Masters of Empire: Great Lakes Indians and the Making of America

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Farrar, Straus and Giroux, Dec 8, 2015 - History - 416 pages

A radical reinterpretation of early American history from a native point of view

In Masters of Empire, the historian Michael McDonnell reveals the pivotal role played by the native peoples of the Great Lakes in the history of North America. Though less well known than the Iroquois or Sioux, the Anishinaabeg who lived along Lakes Michigan and Huron were equally influential. McDonnell charts their story, and argues that the Anishinaabeg have been relegated to the edges of history for too long. Through remarkable research into 19th-century Anishinaabeg-authored chronicles, McDonnell highlights the long-standing rivalries and relationships among the great tribes of North America, and how Europeans often played only a minor role in their stories. McDonnell reminds us that it was native people who possessed intricate and far-reaching networks of trade and kinship, of which the French and British knew little. And as empire encroached upon their domain, the Anishinaabeg were often the ones doing the exploiting. By dictating terms at trading posts and frontier forts, they played a crucial role in the making of early America. Through vivid depictions of early conflicts, the French and Indian War, and Pontiac's Rebellion, all from a native perspective, Masters of Empire overturns our assumptions about colonial America and the origins of the Revolutionary War. By calling attention to the Great Lakes as a crucible of culture and conflict, McDonnell reimagines the landscape of American history.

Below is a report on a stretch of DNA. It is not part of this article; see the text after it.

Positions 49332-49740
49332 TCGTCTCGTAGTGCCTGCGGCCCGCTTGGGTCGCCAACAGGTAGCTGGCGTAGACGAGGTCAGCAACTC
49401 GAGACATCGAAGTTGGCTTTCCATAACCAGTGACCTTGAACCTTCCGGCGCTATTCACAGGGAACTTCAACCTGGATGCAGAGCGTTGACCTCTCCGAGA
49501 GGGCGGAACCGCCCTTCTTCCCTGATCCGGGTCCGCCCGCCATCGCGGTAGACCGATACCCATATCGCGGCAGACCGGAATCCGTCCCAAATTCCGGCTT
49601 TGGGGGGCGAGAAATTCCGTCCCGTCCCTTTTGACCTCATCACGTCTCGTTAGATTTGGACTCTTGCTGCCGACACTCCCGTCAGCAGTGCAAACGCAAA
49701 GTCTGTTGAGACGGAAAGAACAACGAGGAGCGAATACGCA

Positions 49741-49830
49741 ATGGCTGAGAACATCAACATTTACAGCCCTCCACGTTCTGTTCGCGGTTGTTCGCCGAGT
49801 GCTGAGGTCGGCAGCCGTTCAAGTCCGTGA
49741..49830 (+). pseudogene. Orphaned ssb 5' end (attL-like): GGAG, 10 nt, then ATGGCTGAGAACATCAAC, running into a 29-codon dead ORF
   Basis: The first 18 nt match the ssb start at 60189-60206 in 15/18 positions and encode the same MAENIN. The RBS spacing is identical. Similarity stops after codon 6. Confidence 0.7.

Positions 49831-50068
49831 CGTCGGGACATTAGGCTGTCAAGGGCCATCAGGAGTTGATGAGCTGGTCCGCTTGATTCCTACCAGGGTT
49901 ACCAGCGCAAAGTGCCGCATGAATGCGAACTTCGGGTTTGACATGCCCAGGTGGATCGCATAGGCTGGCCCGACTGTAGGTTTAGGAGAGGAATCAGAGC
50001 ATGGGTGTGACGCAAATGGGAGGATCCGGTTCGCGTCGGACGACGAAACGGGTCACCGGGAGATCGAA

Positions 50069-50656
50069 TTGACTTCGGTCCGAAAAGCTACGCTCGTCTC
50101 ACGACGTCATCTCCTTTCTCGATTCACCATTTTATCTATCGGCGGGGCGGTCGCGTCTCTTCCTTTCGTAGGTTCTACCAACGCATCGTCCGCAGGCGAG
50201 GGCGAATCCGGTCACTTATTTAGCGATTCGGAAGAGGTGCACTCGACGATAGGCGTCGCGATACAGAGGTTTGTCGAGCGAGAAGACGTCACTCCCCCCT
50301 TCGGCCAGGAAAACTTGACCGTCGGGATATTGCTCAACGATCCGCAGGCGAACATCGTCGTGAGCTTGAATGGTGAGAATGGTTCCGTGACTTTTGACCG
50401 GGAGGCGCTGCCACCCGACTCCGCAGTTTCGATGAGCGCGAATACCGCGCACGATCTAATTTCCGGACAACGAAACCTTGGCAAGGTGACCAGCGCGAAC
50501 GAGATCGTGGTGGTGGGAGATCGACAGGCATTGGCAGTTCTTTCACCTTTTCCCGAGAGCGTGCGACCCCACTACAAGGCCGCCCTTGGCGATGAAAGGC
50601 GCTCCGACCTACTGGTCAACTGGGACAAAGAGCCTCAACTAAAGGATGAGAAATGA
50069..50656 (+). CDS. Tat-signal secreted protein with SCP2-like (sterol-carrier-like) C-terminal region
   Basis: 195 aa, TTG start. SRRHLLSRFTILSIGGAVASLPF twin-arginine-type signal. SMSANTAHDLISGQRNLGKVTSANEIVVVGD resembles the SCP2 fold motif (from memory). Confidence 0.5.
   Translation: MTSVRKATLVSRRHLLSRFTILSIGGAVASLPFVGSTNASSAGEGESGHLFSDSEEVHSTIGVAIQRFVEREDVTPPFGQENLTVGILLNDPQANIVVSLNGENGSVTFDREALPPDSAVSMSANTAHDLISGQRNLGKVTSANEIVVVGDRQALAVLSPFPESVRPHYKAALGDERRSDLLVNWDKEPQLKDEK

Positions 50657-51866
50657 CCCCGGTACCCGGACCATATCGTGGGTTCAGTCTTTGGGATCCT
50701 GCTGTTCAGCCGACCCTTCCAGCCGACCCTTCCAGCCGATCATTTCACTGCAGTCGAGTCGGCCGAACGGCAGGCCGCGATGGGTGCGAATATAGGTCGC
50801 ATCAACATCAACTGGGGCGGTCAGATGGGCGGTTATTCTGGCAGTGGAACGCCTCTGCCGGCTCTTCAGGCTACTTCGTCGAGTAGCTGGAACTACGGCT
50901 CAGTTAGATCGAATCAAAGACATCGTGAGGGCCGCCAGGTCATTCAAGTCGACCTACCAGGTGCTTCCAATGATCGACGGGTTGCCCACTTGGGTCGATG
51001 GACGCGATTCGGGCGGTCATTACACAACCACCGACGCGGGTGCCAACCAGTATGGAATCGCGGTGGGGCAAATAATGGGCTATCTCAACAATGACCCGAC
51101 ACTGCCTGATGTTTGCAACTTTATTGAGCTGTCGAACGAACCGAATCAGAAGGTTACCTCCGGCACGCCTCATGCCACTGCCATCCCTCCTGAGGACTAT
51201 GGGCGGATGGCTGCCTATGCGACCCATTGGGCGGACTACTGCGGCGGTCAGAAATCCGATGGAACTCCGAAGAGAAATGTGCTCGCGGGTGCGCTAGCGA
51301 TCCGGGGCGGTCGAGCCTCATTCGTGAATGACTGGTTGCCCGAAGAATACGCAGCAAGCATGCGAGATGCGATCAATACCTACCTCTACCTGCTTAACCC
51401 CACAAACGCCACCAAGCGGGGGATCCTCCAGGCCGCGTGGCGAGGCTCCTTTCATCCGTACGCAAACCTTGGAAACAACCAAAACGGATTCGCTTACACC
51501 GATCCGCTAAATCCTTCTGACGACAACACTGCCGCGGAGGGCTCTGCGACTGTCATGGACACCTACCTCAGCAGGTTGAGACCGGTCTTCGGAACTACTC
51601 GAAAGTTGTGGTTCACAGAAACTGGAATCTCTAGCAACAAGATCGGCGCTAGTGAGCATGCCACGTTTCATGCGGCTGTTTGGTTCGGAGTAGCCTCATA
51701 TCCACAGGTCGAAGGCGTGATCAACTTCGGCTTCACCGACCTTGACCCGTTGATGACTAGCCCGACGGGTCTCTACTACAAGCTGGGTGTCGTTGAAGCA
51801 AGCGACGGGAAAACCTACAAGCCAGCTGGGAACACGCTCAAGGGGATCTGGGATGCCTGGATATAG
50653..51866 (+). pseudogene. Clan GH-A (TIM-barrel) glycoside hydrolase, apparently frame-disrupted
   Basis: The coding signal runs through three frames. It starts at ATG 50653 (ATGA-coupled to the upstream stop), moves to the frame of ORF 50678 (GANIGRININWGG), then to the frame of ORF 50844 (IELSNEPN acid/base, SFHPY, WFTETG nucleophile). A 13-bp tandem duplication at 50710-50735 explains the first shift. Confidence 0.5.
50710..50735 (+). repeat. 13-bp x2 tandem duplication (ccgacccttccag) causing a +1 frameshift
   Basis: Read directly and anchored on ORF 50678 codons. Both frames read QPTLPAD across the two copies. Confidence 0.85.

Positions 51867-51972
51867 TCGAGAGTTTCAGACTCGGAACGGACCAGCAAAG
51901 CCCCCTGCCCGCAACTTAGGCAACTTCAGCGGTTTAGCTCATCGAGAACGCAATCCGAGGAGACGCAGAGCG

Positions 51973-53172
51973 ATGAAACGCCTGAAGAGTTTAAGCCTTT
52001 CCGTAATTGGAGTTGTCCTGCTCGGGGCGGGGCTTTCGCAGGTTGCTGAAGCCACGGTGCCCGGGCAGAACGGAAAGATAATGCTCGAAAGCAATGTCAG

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User Review  - Shrike58 - LibraryThing

While rather dry, this diplomatic history of the Odawa/Ottawa of what is now Wisconsin makes a good point of illustrating how into the 19th century these people were among the main arbiters of events ... Read full review

Masters of Empire: Great Lakes Indians and the Making of America

User Review  - Publishers Weekly

McDonnell (The Politics of War), associate professor of history at the University of Sydney, deploys impeccable research skills to challenge the “middle grounds” historical interpretation of Native ... Read full review

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About the author (2015)

Michael A. McDonnell is an associate professor of history at the University of Sydney. He is the author of The Politics of War: Race, Class, and Conflict in Revolutionary Virginia, winner of the 2008 New South Wales Premier's History Prize, and coeditor of Remembering the Revolution: Memory, History, and Nation-Making from Independence to the Civil War. His work was included in the Best American History Essays 2008 and he won the Lester Cappon Prize for the best article published in the William and Mary Quarterly in 2006. He has received numerous research scholarships and grants in the United States and Australia and has served as a distinguished lecturer for the Organization of American Historians. He lives in Sydney, Australia.

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